GALLERY: NFL quarter-way All-Pro team

Pro Football Now: Danny Woodhead's fantasy outlook
On October 3rd's Pro Football Now, Sports Illustrated's fantasy analyst Gary Gramling discusses Chargers' runningback Danny Woodhead's fantasy value, if he's becoming a PPR must-start, and his numbers compared to Saints' runningback Darren Sproles.

2. What do you expect out of the rest of Le'Veon Bell this season?

Beller: The most important number from Bell's NFL debut last week? 16. That's the number of carries he had, compared with five for all other Pittsburgh backs. If there were any doubt he would immediately become the team's workhorse, it was left behind in London. The yards per carry weren't anything to write home about, but he did hit paydirt twice, giving anyone who had the foresight to start him a very productive day. Pittsburgh's offense is lacking and its offensive line is dealing with injuries, but Bell is one of the few backs in the league who really won't have any competition in the backfield. I see another 700 to 800 rushing yards and six more touchdowns as quite realistic for the rest of the year.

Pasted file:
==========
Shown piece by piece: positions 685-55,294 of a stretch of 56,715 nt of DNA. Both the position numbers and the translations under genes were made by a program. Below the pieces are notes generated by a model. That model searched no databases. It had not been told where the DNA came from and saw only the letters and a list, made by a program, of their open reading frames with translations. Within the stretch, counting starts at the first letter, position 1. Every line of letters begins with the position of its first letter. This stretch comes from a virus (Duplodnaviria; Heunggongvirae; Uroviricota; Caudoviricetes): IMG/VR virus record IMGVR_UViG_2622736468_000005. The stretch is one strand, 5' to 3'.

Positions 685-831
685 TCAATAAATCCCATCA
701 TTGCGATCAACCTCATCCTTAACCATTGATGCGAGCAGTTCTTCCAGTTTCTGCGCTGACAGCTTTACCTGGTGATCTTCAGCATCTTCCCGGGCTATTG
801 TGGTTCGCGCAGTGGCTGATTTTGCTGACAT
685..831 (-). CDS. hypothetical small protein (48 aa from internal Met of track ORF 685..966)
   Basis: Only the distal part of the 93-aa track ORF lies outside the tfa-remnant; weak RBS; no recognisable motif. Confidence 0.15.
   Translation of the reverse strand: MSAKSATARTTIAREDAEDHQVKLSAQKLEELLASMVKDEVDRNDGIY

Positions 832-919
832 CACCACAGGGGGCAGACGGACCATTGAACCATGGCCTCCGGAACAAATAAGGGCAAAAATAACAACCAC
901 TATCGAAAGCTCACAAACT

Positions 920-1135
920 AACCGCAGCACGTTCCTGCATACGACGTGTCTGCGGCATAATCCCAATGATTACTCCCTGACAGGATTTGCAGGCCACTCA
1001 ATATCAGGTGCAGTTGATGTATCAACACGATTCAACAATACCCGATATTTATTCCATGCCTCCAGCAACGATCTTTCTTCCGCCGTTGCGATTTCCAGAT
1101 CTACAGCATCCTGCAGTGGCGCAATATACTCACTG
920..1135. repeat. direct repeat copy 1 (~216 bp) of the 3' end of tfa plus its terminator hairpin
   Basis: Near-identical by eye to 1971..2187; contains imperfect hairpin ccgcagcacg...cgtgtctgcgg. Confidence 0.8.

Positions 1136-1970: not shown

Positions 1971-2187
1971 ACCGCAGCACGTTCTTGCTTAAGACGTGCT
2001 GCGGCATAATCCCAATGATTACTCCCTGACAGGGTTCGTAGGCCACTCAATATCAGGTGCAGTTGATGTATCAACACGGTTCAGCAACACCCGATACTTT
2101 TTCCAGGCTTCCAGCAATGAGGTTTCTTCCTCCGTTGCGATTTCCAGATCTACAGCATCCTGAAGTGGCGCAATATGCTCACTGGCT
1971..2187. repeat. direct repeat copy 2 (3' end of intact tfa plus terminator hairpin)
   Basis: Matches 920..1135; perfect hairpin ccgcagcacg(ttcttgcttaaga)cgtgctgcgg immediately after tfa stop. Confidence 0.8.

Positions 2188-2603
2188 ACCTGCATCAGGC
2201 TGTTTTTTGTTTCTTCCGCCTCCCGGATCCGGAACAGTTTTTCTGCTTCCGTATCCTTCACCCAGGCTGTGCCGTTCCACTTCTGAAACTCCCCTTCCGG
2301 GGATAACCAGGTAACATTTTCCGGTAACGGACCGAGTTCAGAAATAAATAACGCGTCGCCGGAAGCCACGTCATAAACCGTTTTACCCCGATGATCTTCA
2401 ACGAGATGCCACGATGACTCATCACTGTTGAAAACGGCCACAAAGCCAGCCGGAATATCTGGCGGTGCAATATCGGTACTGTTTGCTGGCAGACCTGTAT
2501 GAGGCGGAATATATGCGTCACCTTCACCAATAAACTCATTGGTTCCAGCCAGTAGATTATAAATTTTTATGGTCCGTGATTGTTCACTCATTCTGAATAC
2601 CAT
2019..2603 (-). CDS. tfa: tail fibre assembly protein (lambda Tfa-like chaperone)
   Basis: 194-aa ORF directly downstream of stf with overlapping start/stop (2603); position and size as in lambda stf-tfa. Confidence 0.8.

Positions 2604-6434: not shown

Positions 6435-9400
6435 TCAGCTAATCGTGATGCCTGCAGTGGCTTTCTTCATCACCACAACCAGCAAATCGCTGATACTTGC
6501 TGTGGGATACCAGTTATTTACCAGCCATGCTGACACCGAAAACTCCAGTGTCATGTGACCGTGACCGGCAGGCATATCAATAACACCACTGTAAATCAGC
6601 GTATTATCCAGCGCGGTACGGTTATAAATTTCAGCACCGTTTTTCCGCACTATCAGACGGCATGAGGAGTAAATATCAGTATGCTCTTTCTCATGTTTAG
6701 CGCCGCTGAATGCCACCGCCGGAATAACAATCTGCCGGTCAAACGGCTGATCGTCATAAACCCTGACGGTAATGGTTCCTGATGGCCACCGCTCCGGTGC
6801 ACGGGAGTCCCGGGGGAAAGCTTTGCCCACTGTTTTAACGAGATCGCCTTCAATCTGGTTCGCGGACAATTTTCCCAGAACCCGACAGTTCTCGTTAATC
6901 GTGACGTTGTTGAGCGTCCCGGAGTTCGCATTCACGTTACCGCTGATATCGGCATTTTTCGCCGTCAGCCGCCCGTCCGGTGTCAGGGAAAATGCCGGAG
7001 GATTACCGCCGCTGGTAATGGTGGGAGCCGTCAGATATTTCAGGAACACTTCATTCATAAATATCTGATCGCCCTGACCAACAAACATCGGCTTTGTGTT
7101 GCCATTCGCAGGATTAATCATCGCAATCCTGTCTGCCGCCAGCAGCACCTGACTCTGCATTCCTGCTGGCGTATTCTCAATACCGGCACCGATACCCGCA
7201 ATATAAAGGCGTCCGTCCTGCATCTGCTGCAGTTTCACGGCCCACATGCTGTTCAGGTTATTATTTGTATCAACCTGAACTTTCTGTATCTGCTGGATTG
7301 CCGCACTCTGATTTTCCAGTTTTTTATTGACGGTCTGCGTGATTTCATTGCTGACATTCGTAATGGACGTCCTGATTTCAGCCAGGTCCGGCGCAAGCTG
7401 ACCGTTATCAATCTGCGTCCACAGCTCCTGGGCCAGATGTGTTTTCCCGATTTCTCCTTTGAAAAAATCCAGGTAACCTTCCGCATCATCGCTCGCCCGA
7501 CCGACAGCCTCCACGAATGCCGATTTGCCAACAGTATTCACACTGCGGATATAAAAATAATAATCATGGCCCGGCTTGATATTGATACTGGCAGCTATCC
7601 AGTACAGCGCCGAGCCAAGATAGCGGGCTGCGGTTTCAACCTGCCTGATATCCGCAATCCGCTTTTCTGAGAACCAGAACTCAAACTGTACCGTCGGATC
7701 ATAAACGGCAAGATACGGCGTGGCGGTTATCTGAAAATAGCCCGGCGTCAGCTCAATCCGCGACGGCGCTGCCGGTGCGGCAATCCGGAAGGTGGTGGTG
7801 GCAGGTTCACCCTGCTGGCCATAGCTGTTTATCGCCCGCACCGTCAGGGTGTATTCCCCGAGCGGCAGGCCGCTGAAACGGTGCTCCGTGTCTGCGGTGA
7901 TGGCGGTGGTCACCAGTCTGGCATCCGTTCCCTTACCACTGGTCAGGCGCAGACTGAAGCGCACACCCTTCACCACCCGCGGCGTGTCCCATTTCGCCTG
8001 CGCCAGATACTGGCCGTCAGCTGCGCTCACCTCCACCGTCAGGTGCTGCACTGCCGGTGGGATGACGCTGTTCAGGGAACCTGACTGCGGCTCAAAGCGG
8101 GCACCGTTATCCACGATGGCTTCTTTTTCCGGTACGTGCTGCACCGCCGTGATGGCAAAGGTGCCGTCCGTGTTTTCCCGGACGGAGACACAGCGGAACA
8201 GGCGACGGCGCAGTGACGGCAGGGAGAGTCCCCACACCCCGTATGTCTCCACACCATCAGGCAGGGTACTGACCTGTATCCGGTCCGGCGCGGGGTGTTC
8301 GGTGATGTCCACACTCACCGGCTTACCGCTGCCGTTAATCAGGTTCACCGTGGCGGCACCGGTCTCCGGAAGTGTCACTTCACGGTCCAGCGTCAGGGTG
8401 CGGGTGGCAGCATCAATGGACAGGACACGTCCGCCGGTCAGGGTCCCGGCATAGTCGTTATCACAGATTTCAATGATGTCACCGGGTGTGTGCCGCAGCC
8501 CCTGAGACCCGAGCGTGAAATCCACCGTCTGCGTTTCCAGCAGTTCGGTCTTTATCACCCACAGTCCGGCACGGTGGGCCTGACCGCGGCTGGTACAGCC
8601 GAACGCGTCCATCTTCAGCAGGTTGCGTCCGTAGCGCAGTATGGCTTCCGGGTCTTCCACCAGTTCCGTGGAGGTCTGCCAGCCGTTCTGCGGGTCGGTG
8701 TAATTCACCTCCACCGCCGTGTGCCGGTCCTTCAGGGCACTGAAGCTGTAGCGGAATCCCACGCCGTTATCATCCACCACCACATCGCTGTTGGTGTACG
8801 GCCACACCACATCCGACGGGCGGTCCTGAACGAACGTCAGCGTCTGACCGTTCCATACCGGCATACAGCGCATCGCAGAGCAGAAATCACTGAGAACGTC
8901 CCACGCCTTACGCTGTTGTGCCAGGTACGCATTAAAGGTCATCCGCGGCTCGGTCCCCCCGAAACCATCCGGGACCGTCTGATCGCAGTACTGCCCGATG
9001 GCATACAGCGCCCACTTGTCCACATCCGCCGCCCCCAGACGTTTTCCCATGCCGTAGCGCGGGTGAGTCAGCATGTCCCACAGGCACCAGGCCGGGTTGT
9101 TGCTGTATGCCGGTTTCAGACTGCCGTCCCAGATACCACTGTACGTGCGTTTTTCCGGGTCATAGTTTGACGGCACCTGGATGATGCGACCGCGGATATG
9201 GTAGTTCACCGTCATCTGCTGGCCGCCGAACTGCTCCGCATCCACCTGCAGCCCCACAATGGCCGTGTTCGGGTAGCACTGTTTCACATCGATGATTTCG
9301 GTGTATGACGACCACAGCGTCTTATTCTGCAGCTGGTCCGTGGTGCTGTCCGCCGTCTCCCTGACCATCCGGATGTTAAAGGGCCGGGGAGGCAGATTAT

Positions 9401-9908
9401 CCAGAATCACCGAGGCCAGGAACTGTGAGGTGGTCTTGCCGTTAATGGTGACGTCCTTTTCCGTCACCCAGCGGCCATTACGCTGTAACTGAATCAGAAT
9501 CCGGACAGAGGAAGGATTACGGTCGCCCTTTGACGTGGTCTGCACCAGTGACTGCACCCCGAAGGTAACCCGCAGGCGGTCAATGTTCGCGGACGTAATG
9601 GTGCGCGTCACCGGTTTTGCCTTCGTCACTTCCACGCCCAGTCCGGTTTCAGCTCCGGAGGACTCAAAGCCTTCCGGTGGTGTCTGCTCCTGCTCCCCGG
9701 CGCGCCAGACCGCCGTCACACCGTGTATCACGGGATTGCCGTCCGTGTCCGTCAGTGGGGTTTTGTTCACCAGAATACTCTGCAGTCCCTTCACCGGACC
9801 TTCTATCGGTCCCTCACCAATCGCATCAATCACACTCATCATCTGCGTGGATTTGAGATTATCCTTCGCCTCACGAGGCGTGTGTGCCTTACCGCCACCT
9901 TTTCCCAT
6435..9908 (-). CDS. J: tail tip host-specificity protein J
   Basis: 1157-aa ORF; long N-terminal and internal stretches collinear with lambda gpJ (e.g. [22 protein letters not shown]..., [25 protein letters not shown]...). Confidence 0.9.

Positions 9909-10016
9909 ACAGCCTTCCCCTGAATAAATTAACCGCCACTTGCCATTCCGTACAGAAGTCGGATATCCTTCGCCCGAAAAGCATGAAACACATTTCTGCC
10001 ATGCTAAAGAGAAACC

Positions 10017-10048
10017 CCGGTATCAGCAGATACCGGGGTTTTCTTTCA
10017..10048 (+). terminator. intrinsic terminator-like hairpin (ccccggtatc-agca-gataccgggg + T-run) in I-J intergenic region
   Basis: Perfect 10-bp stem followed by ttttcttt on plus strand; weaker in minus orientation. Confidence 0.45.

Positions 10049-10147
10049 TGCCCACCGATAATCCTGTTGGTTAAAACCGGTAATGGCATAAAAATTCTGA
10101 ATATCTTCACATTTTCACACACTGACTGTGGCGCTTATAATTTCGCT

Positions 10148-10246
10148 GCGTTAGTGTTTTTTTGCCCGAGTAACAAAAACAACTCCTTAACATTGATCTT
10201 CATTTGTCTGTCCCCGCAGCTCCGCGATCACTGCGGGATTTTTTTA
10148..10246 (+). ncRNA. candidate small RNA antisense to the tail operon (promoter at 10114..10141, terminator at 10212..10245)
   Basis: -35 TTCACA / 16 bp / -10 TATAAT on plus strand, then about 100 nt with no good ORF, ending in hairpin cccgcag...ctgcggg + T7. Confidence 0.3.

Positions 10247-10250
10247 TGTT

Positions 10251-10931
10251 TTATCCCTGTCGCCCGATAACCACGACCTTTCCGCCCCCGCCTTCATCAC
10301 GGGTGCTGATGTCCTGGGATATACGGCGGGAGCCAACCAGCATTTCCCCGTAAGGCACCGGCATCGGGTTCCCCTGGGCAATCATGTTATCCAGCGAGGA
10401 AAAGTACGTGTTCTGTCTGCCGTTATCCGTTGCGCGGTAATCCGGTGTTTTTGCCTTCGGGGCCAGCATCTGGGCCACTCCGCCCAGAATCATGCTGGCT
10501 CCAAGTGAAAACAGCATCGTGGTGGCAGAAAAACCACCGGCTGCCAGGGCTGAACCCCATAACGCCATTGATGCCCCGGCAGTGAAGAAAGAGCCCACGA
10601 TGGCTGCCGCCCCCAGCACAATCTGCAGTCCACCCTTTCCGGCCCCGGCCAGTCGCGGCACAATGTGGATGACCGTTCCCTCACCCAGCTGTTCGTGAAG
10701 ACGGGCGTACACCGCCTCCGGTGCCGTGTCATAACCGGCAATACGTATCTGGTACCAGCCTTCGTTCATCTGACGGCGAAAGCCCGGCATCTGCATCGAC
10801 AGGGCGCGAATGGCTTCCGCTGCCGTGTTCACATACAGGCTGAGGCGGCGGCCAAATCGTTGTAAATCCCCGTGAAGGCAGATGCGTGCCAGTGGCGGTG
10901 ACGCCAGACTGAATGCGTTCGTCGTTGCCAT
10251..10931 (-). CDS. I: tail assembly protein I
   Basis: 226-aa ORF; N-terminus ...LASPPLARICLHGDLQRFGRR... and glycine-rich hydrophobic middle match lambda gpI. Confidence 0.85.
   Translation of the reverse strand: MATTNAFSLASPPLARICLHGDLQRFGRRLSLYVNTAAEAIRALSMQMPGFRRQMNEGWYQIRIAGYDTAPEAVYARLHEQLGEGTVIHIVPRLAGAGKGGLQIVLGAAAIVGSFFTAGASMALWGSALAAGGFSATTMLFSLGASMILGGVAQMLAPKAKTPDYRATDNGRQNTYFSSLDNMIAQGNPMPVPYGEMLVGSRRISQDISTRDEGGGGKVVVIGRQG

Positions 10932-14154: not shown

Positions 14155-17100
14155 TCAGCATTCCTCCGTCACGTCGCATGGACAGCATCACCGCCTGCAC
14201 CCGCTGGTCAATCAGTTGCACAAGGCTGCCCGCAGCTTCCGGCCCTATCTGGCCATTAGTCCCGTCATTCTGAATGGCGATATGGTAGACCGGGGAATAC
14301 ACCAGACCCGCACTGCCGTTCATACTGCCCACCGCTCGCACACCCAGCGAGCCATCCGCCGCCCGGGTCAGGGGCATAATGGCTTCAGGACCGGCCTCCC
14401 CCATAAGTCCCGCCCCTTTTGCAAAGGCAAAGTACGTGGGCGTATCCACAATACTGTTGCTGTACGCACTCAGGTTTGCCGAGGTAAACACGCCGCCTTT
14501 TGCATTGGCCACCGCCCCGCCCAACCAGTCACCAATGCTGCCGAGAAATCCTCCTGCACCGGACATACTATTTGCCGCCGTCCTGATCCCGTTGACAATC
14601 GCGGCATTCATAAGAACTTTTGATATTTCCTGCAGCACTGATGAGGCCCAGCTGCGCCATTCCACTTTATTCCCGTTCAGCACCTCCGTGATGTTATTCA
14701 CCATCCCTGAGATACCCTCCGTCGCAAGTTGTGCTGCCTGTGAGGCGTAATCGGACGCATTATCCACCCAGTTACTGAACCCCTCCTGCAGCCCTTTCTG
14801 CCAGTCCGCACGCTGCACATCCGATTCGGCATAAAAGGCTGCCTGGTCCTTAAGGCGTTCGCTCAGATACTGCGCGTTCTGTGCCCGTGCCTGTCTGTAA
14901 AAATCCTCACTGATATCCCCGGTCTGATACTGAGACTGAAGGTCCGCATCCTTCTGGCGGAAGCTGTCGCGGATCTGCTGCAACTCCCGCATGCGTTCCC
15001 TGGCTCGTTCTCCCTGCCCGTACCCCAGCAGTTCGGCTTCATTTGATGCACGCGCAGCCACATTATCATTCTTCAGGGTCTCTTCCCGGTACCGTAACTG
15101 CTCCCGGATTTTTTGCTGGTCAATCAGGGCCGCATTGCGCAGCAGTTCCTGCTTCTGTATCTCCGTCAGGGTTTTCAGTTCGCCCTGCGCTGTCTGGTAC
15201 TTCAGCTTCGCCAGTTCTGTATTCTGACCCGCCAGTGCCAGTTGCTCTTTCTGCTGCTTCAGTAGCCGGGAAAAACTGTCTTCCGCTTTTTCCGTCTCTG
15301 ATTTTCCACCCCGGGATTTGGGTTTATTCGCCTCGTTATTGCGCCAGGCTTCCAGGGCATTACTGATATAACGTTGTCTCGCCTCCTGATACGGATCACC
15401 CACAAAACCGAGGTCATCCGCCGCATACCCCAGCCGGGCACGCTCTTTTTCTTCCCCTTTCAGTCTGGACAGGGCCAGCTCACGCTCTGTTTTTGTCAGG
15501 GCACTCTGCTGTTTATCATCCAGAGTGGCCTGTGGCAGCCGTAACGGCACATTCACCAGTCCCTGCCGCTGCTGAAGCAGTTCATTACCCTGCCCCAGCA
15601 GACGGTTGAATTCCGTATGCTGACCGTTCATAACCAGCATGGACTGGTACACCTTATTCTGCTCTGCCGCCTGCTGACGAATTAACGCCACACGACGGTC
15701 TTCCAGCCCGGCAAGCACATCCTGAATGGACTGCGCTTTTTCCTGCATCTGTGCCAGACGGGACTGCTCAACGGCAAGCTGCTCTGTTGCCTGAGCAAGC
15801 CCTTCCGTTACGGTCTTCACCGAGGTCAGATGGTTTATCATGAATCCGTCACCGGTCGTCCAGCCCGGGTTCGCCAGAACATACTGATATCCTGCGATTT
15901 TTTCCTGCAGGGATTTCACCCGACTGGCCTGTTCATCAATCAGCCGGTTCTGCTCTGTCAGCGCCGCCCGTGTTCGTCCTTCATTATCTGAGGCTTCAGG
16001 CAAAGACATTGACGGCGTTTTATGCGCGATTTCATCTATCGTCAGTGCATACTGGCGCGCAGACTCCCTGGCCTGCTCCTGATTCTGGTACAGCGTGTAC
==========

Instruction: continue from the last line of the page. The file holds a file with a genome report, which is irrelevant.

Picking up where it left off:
Flood: I have high expectation for Bell going forward, if he can stay healthy. Half of the "high-end" running backs are having terrible seasons, anyway. I don't see why a healthy Bell couldn't emerge as a rock solid RB2 or even a low-end RB1. He's fresh and now has two weeks to prepare for a Week 6 matchup against the Jets. He had 16 carries and four receptions last week and his workload will only increase as he earns the confidence of a veteran coaching staff. I would expect typical games of around 20 carries for 80 yards with a few receptions mixed in. Touchdowns are harder to predict but he's in a situation to score.

3. How proactive should an owner be when it comes to adjusting his or her roster with new talent a week or more in advance?